Reference No: 114/11/2012
19 November 2012
Former SAARC Secretary-General Beaten for Criticizing Government
over Mounting Tensions with India
“Attack against Zaki is an attack against democracy and an attack against India” – MDP
Mr. Ibrahim Hussein Zaki, a close political ally of the ousted President of the Maldives, Mohamed Nasheed, and a former Secretary-General of the South Asian Association for Regional Cooperation (SAARC) was severely beaten by police over the weekend, after he publicly criticized the Government for its mishandling of relations with India – the Maldives’ most important friend and regional partner; and criticized the role of the army in the 7th February coup d’etat.
Mr.Zaki was speaking against the backdrop of growing nationalist and anti-Indian rhetoric by senior members of the Waheed Administration, including President Waheed himself; rhetoric which has seen Maldives-India relations plunge to their lowest-level since Independence. The growing diplomatic crisis is over the Male’ International Airport, which was leased to the Indian infrastructure company, GMR, for redevelopment by the Nasheed Administration following an open public tender.
Key members of the Maldives’ political and economic elite (including former President Gayoom and his associates) have long opposed this move toward privatization which they fear will reduce their hold over the country. Thereafter, after orchestrating the removal of President Nasheed, they and their political ally, Mohamed Waheed, have stirred up nationalist and Islamic extremist sentiment as a tool to force GMR to forego its lease.
As a former SAARC Secretary-General, former Cabinet Minister, and respected regional statesman and diplomat, Mr. Zaki has repeatedly warned against these tactics which threaten the Maldives’ crucial bilateral relationship with India. He has also spoken to other governments in the region about the growing influence of the army and police in the Maldives since the February coup d’etat. Mr. Zaki have also criticized the role of the army in toppling the country’s first democratic Government.
Mr. Zaki is a veteran Foreign Service professional who rose through the ranks to the position of the first Maldivian to hold the post of the SAARC Secretary General. He also held the Planning and Tourism portfolios in the Gayoom administration. He left the Government of President Gayoom citing the lack of democratic reforms, and became one of the first to sign-on as a member of the Maldives Democratic Party (MDP) – the Maldives’ first Democratic Party. Later he was the MDP’s first vice-president and then, as acting president, formed MDP’s first shadow Cabinet to hold the thirty-year autocratic government of President Gayoom accountable. He also played a leading role in the country’s constitutional and democratic reform process. Most recently he has remained a close advisor of President Nasheed acting as Special Envoy to the President. Throughout, he has remained a firm friend of India and a strong advocate of close Maldives-Indian relations.
Recently, Mr. Zaki also spoke in detail to the media about the attempted coup d’etat of November 3, 1988, when a group of Tamil Tiger mercenaries invaded the Maldives and were swiftly thwarted through timely Indian Army intervention. Zaki recently alluded to the event as organised and that the few Maldivians who were charged of treason were actually hired to do what they did. The rest were innocent.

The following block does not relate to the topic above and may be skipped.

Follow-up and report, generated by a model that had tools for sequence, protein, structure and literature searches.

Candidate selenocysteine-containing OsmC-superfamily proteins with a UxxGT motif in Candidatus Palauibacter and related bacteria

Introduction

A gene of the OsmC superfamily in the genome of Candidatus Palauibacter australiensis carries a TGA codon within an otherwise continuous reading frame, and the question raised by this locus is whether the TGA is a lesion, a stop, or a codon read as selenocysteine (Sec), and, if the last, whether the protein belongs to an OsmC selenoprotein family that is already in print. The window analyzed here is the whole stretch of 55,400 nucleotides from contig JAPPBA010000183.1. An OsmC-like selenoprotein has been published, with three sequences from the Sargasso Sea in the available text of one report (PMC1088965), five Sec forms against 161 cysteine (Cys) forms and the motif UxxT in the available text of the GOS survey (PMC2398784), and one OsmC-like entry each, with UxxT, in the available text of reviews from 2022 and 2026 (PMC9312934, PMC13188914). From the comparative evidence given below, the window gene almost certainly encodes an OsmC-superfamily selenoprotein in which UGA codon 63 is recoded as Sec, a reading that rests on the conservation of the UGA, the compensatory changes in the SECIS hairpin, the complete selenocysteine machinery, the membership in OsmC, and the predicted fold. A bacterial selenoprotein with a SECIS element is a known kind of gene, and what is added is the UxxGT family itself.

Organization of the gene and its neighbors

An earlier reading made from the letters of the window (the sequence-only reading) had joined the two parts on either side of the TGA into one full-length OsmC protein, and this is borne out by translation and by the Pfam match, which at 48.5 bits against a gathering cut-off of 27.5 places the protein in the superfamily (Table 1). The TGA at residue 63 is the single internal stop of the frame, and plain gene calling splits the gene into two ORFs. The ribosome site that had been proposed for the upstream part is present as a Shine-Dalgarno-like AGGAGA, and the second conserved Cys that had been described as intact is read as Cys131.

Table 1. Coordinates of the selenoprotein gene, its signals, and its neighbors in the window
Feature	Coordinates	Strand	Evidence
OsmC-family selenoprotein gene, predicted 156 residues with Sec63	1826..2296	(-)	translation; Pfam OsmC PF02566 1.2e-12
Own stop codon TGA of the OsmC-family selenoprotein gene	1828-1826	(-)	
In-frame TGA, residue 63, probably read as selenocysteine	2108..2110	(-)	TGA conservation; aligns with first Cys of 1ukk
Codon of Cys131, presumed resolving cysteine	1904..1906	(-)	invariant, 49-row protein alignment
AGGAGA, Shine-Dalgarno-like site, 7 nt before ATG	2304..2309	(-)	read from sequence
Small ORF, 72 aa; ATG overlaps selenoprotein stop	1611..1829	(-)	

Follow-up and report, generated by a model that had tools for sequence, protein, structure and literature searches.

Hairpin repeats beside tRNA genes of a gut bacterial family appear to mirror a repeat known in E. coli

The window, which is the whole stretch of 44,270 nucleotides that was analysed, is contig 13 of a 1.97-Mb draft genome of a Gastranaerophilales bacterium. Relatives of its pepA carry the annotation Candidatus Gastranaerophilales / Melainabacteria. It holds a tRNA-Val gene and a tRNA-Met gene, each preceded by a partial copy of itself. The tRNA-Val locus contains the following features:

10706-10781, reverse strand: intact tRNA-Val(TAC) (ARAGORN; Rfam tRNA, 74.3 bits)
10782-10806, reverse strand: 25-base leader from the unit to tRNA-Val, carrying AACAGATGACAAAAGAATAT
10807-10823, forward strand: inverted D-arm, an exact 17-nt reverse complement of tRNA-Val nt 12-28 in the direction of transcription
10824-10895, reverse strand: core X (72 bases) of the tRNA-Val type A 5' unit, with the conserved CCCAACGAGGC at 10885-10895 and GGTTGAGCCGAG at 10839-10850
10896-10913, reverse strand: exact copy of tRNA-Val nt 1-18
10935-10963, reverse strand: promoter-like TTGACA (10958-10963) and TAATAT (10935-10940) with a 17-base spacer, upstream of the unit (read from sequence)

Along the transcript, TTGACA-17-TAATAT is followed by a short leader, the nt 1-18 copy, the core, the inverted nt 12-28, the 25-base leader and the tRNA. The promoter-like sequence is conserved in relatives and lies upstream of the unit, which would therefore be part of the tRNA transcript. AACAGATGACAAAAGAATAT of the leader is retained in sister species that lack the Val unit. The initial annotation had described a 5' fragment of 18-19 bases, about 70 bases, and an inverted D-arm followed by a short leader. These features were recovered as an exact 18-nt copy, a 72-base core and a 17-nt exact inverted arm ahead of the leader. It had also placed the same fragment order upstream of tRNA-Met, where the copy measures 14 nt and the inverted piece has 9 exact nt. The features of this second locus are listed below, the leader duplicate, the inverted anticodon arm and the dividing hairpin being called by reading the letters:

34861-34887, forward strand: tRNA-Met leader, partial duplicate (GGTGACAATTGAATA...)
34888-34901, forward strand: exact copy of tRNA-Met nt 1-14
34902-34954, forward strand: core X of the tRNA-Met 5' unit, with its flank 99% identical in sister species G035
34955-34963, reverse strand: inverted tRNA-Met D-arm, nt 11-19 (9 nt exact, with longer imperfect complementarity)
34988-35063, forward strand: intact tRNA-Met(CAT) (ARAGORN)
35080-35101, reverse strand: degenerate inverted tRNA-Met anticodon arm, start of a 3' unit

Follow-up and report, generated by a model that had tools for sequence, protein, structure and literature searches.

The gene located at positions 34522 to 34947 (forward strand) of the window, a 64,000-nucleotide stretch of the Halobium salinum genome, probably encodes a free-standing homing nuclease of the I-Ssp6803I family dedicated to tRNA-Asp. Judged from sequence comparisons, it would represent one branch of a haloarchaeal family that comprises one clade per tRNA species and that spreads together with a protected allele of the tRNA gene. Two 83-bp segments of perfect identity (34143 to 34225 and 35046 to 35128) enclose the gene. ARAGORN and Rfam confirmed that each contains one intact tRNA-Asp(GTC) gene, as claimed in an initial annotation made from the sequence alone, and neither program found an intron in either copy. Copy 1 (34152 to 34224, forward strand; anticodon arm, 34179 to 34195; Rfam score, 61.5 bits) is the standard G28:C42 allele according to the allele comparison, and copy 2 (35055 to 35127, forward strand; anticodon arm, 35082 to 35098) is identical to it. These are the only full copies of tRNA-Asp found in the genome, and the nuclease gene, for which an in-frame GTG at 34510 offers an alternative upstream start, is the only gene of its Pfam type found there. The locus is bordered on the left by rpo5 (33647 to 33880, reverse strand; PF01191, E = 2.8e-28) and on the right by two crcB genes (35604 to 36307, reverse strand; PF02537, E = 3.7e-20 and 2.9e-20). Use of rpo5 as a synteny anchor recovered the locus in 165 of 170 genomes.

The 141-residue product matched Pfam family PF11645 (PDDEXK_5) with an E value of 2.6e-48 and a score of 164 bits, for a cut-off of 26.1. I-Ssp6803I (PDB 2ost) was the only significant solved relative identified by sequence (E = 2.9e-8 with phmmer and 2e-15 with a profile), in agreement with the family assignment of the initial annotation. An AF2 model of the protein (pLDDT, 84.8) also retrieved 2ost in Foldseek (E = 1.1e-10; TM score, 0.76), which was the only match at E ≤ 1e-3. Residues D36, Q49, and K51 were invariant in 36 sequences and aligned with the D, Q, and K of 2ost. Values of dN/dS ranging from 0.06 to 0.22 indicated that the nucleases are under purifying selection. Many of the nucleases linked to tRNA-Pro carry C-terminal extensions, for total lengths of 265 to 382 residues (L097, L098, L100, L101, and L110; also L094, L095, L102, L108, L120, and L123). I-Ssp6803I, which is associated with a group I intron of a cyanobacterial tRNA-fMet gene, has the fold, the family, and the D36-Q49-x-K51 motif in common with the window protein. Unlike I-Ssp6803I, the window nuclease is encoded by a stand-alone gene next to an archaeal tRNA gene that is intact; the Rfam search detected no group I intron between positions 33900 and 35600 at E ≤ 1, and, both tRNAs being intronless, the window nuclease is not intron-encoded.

At that time, Mr. Zaki was the key government representative in negotiation with India to send a Peacekeeping Force (IPKF), a step widely credited with saving the then Government. His recent comments included criticism of the actions of army generals at the time. With today’s Maldivian government heavily dependent on the armed forces, criticism of the police or army is considered almost sacrilegious and Mr. Zaki’s comments are known to have angered the security forces – which provided another pretext for this weekend’s attack.
Reacting to the criticism, this weekend the Government dispatched boatloads of police on a ‘special operation’ to arrest Mr. Zaki on a small island where he and family, colleagues, including Members of Parliament, were staying. Guests at the retreat were pulled from their beds in the early hours of the morning, severely beaten with batons. Mr. Zaki was beaten on his thighs, back and face, handcuffed and dragged away to a neighbouring island. One of the MPs present, Mr. Jabir, who was also beaten, claimed the police were acting “as if they wanted to kill Zaki and myself”. Another person present saw Zaki was attacked by two people and heard him scream in pain pleading them to stop. The police also delayed in providing Zaki his medication.
Mr. Zaki was hospitalized following the attack, which is part of a pattern which has seen opponents of Mohamed Waheed regularly imprisoned and/or beaten by police. These attacks, especially against Members of Parliament, have escalated as Parliament moves to impeachment proceedings against the illegitimate President, Mohamed Waheed.
Speaking about the latest cases of police brutality, MDP’s international spokesperson Mr Hamid Abdul Ghafoor who was also severely beaten and arrested alongside Mr. Zaki, said: “The attack against Zaki is an attack against democracy and against India. It is a further example, if one were needed, of the Maldives’ descent into a police state – where the security forces are beyond criticism, and can act with complete impunity”.
Hamid Abdul Ghafoor
Spokesperson, International Affairs